Tips for getting more fiber without unpleasant side effects:
Space out portions. Spreading out your fiber intake throughout the day will allow you to avoid some of the gastrointestinal discomforts that a large amount of fiber may present.
Try to include fiber-rich foods in every meal and snack, but don’t feel like you have to overdo it.
Increase slowly. A new commitment to healthy eating could make you want to achieve those daily fiber goals quickly, but when it comes to ingesting fiber, it’s a good idea to take your time. You want to give your gut the chance to get used to the new amounts of fiber you’re eating. This will decrease some of the digestive side effects you see with a sudden increase.
Plan to take about two weeks to reach your goal, and pay attention to discomfort along the way. If you do experience any discomfort, it may be a sign that you shouldn’t add any more fiber just yet.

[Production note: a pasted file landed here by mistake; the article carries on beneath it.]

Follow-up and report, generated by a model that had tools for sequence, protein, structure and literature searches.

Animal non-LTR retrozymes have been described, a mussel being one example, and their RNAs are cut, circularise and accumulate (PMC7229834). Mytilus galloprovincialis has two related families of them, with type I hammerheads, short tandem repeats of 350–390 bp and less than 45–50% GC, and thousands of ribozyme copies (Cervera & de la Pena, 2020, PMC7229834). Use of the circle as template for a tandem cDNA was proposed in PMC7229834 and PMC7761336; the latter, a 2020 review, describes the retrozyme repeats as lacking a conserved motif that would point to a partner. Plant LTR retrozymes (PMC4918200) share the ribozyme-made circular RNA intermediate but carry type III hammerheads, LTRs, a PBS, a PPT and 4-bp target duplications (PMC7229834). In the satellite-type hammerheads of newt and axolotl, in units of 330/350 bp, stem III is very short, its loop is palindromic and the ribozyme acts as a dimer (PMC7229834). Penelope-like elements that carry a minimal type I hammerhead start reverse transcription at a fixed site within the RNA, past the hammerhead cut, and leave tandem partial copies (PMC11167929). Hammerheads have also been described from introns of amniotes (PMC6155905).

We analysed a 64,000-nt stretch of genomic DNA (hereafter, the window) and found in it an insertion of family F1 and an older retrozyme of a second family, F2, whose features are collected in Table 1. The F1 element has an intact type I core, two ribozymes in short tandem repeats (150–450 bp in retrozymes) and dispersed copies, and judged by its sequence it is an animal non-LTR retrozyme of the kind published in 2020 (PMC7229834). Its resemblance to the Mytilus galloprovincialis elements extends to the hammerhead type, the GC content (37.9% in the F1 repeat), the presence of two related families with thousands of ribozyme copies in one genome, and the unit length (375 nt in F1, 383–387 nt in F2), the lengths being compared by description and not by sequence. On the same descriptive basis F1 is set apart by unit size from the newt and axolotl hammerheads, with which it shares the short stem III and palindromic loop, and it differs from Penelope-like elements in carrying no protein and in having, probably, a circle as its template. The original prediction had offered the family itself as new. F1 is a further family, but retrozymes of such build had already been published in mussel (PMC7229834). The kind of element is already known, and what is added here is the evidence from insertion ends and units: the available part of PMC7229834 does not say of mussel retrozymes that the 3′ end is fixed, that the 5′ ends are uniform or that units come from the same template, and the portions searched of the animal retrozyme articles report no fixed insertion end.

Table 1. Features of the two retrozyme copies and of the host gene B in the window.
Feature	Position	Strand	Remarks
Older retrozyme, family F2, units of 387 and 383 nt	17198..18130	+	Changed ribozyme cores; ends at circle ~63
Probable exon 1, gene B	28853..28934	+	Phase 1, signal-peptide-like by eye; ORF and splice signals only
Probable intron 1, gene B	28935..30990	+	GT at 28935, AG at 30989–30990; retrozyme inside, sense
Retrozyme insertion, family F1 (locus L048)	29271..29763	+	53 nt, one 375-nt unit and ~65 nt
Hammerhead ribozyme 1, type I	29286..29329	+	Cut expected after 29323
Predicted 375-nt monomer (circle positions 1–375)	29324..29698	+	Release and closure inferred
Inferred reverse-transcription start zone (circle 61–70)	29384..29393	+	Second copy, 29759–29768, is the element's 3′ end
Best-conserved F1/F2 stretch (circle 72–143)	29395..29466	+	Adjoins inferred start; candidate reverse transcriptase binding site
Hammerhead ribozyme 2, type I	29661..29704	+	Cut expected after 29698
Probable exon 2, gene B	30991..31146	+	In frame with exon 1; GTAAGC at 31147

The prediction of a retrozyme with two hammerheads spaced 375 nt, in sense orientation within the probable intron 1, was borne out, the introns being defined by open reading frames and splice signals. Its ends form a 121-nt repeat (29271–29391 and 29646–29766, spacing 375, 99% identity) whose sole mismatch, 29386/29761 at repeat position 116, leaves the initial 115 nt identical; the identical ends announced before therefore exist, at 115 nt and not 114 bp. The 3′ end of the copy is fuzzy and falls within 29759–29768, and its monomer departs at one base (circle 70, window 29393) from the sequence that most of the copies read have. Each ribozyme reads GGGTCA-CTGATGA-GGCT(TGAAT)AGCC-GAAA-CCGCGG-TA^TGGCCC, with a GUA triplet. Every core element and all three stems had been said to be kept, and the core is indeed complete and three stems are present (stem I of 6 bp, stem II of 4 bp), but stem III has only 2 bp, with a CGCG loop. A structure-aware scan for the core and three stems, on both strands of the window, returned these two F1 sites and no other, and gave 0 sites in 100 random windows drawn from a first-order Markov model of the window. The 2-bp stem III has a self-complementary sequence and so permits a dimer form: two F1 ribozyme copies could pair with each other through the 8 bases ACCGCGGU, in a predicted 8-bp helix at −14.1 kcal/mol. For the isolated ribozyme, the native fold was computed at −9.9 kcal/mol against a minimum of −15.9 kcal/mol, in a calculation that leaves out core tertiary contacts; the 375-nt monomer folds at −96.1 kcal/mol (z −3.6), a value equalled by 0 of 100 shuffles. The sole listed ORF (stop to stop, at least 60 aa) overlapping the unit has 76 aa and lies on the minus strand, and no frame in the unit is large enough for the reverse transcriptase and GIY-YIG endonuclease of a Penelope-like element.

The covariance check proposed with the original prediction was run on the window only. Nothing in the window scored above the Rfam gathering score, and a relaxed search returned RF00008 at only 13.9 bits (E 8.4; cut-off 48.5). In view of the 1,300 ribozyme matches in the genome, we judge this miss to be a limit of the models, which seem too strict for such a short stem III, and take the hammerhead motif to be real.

Hydrate. Fluid and fiber go hand in hand: The more fiber you eat, the more fluid you need.
Fiber is a type of carbohydrate that the body can’t digest. Though most carbohydrates are broken down into sugar molecules, fiber cannot be broken down into sugar molecules, and instead it passes through the body undigested. Fiber helps regulate the body’s use of sugars, helping to keep hunger and blood sugar in check.
Fiber comes in two varieties, both beneficial to health:
Soluble fiber, which dissolves in water, can help lower glucose levels as well as help lower blood cholesterol. Foods with soluble fiber include oatmeal, nuts, beans, lentils, apples and blueberries.
Insoluble fiber, which does not dissolve in water, can help food move through your digestive system, promoting regularity and helping prevent constipation. Foods with insoluble fibers include brown rice, legumes, carrots, cucumbers and tomatoes.
Higher fiber intake has also been linked to a lower risk of metabolic syndrome, a combination of factors that increases the risk of developing heart disease and diabetes. These factors include high blood pressure, high insulin levels, excess weight (especially around the abdomen), high levels of triglycerides, and low levels of HDL (good) cholesterol. Several studies suggest that higher intake of fiber may offer protective benefits from this syndrome.
- Split Peas Fiber: 16.3 grams per cup, cooked.
- Lentils Fiber: 15.6 grams per cup, cooked.